Imagining weather on other planets is a close reality
Wednesday, July 27, 2016, 3:57 PM – Everything starts with imagination.
Once firmly in the realm of science fiction, the weather on our closest neighboring worlds now exists as fact, thanks to science and technology.
It began with the first speculation of what lay beneath the cloudy skies of Venus, which told the story of tropical jungles, teeming with life and just waiting for the first explorers from Earth to act upon imagination and discover what was hidden away there.
However, when robotic missions of the 1960s and 1970s not only visited Venus, but landed there, they abruptly thrust aside the paradise of imagination and replaced it with the reality of the science that showed it to be a barren, hellish landscape. With its thick, scorching atmosphere – the hottest of any world in our solar system – under layers of burning acid clouds, Venus remains a fascinating place that gives us a glimpse at the extremes of the universe.
But imagination never sleeps and soon Mars occupied our senses. Already imagined by astronomers to be a dry, dusty world, some of the most famous observations of Mars hinted at grand canals, built by aliens to transport water from the polar ice caps to their parched civilization.
Now, after over 50 years of Mars exploration via spacecraft in orbit, as well as landers and rovers on the surface, we actually have the means to monitor weather on the Red Planet. The information sent back by these missions confirmed what was imagined, that Mars is a desolate, dusty place, but also that the planet was much warmer and wetter, more Earth-like, in the distant past.
Again, imagination lead us deeper into the solar system, in search of tomorrow’s answers.
Robotic explorers sent to the outer solar system and beyond, from the Pioneer and Voyager missions of the 1970s, up to the most recent spacecraft, have been beaming back better and clearer pictures of the planets there, and the incredible weather that takes place on these distant worlds.
Revealed in ever-increasing detail by flybys and an orbital mission, Jupiter’s cloud bands have resolved into mesmerizingly complex patterns, and its giant anticyclonic storm – the Great Red Spot – which has been visible from Earth for at least 400 years, has been imaged and studied, and was actually found to be shrinking!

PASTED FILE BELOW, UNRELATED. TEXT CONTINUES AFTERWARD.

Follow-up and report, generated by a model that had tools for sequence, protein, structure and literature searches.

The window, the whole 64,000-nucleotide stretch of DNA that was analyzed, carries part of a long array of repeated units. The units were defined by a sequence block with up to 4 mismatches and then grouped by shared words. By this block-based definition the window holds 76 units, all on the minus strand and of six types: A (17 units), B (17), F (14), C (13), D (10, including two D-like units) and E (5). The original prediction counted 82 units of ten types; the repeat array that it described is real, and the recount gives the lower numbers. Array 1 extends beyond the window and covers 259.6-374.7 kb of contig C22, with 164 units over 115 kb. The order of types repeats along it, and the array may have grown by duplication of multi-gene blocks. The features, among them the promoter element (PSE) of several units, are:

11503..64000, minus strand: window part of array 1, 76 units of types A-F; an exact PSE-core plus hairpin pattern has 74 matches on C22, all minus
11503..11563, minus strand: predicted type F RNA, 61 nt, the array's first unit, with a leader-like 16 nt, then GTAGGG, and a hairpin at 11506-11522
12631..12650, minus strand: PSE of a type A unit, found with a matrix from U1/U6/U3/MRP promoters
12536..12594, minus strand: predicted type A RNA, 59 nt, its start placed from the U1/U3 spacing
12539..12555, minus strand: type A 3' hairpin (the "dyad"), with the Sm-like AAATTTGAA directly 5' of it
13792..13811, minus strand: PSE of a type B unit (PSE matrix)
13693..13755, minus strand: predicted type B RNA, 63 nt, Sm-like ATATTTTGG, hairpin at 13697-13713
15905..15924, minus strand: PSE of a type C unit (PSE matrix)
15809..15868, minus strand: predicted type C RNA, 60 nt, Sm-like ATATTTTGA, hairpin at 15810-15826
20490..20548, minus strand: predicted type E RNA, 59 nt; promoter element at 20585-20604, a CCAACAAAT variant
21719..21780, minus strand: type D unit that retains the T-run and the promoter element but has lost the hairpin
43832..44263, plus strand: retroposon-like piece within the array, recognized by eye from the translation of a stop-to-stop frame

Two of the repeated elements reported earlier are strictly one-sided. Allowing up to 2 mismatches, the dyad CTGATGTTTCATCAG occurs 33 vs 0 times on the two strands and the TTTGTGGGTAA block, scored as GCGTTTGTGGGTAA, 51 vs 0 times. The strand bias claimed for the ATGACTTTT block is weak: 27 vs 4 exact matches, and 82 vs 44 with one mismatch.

The latest visitor to Jupiter, NASA’s Juno spacecraft, is there to study the environment around the planet, and deep inside it, but will also spend considerable time and effort examining the cloud bands and the Great Red Spot, so that we can learn even more about how weather works in such extreme environments.
Saturn’s rings have always captured the imagination of astronomers, however NASA’s Cassini spacecraft has shown us the planet’s subtly beautiful clouds and its bizarre north polar hexagon, which has a vortex at its core that could swallow the Earth. It even documented something never before seen: an immense hurricane-like storm that spun up in late 2010 that, over a period of six months, wrapped completely around the planet!
Even Uranus and Neptune, the so called “ice giant” planets of our solar system, which haven’t been visited in decades now, were revealed to have surprising weather extremes.
Recently, we’ve discovered weather either where we didn’t expect to find it, or that we couldn’t have imagined studying in years past.
On Ceres, the largest denizen of the asteroid belt between Mars and Jupiter, NASA’s Dawn spacecraft spotted what could be fog, at the bottom of the giant crater known as Occator. Plus, on Pluto, which the New Horizons spacecraft flew past in July 2015, the backlit atmosphere revealed layers of blue haze hanging in the thin air, and it may have even found evidence of low-level clouds!
Perhaps most incredible, astronomers have recently used telescopes to collect the light from planets orbiting around distant stars, which has revealed what the atmospheres of these planets are like.
While everything we learn about these distant worlds is applied to our knowledge of Earth weather, it also fuels our imagination, to drive us further in our exploration of the universe and the answers of tomorrow that it holds.
[Source:- The weather network]
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